Category Archives: beer holiday

Fairfax Beer Garden presented by High Side Craft Brewery

The Fairfax Beer Garden was just the ticket to unleash the opening beer weekend of the post-school season.  Held on 24 June from 12pm to 6 pm, it was the idea of the High Side Craft Beer and a few of their local business partners in Fairfax City. The idea was to take just a basic weekend and turn it into a beerfest and they succeeded.

The craft beer business is taking a serious turn for the good and tastiness of its charge.  Fairfax City has been waiting for a fun event and good time that fell during the summer months when time is relaxed and school is out.  It proved to be just the ticket toward making that weekend just the spark to kick off the summer.

Boosted by the World Cup, the Beer Garden featured 12 beers from 6 breweries and eight brews from High Side (20 beers in all). Those from outside breweries included:

Ocelot Brewing (Home IPA and Ole Pilsner);

Old Bust Head Brewing Company (Manga Grafitti House IPA and Table Talk Belgian Wit);

Solace Brewery (2 Legit to Wit and Juice Head IPA);

Crooked Run Brewing (Without You and Cherry-Lime Double Vibes);

Old Ox Brewery (Hardway Lager and Hoppier Place); and

Fairwinds Brewing (Hells Navigator and All Hands Anniversary Barley Wine Ale).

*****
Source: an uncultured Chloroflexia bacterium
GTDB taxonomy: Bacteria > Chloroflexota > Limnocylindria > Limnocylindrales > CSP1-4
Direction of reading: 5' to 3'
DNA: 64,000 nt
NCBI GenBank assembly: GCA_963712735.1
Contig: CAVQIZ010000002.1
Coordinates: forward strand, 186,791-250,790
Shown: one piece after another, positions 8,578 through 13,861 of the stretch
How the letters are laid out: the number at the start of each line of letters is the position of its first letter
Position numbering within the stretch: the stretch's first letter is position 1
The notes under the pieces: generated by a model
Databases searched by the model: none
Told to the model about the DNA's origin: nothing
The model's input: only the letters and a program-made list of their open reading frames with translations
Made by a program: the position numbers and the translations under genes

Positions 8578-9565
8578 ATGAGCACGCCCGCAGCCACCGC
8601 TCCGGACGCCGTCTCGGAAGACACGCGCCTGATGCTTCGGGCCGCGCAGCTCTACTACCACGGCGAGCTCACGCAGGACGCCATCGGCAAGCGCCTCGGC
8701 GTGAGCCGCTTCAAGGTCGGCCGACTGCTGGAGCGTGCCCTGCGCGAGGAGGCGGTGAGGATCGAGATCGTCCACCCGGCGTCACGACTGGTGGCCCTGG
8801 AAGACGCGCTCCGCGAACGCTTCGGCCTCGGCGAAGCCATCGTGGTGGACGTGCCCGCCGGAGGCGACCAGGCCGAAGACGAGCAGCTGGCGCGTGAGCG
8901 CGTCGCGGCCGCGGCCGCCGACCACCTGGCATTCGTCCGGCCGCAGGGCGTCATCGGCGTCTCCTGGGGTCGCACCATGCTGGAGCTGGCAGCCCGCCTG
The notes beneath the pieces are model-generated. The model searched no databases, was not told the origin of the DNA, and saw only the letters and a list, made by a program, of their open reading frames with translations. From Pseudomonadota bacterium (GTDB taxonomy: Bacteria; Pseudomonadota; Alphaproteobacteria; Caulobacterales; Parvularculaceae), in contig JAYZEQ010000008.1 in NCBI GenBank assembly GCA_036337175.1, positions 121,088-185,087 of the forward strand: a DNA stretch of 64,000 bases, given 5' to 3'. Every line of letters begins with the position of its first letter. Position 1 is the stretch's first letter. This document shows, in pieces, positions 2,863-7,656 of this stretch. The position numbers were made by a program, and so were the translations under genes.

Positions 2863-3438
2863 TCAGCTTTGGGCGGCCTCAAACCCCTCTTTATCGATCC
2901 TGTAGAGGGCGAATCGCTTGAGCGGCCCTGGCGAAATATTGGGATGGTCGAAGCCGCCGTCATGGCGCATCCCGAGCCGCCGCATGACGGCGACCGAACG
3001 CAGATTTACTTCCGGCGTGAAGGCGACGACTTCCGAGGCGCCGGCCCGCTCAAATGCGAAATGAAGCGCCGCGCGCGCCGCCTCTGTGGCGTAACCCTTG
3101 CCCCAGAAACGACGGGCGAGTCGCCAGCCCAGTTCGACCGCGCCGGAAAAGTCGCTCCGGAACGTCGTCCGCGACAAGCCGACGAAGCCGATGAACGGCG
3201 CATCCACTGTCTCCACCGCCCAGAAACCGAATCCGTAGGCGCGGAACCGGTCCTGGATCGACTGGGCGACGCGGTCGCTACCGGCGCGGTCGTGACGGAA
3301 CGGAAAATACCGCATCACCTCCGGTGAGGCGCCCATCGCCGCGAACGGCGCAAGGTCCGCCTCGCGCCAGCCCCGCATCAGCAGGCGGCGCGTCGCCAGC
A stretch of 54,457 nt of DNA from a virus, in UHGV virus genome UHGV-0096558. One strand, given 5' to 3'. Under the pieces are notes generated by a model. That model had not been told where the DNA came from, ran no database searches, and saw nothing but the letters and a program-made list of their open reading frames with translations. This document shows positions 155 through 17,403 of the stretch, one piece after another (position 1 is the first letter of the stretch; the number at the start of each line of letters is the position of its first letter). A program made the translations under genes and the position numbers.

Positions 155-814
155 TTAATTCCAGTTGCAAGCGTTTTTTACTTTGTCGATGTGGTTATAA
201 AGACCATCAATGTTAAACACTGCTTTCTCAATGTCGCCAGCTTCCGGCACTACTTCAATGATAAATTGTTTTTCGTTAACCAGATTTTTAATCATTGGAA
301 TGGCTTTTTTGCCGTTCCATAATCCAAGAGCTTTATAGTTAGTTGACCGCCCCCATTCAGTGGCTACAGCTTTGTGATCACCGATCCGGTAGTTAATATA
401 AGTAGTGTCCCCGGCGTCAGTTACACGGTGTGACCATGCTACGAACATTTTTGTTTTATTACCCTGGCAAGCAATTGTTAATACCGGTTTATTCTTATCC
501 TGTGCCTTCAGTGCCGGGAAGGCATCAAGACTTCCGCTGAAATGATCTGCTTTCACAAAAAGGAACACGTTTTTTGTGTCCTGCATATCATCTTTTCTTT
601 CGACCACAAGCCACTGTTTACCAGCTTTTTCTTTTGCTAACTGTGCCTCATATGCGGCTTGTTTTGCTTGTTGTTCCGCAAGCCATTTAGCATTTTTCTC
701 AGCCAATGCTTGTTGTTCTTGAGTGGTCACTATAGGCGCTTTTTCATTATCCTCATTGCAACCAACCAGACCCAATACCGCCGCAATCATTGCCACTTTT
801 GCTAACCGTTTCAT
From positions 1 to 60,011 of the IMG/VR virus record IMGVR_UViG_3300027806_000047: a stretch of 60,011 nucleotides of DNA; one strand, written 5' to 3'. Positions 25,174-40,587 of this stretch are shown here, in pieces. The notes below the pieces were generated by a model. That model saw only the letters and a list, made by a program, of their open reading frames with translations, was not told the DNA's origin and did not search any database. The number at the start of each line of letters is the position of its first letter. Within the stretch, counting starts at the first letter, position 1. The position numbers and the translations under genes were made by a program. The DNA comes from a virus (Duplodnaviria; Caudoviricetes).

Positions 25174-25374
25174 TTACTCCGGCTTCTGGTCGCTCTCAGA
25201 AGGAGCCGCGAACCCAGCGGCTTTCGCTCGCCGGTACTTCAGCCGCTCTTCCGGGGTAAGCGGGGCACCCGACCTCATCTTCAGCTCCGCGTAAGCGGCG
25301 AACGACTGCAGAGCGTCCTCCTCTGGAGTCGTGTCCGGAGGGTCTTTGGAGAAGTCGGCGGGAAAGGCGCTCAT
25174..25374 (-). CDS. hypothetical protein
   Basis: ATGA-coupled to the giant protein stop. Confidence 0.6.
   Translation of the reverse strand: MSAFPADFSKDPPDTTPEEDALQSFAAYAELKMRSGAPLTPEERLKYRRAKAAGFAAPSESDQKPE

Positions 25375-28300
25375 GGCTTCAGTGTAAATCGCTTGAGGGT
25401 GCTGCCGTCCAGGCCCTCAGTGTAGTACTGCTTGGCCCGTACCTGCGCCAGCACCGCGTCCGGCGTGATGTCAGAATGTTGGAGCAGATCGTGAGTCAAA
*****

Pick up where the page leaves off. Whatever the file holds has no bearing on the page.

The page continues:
They also had a corn hole tournament, music from Mobius Records and a charity event for Fairfax CASA.  In addition, there were 250 beer glasses that were provided to the event. Though the weather proved less than friendly, the crowd turned out. A good time was had by all.

Beer_Garden, Fairfax City,
Fairfax Beer Garden – 24 June 2018, 12-6pm
Beer Garden, Fairfax City
Fairfax Beer Garden – 24 June 2018 12-6pm
Fairfax Beer Garden – 24 June 2018 12-6pm
Fairfax Beer Garden – 24 June 2018 12-6pm

Beer Culture – Sensing Opportunity, Vietnam’s Pasteur Street Brewng Expands

News by Jonathan Shikes –

There’s a street for selling just about every kind of product or service in the Vietnamese capital of Hanoi. On Hang Bac, you’ll find silver jewelry, while Hang Duong is for desserts. There’s also coffin street, noddle stret, and beer street. That last one isnt surprising: vietnam’s largest brewery, Sabeco, estimates that the country’s 90 million citizens will drink more than 4 billion liters (about 34.2 million barrels) of beer in 2017.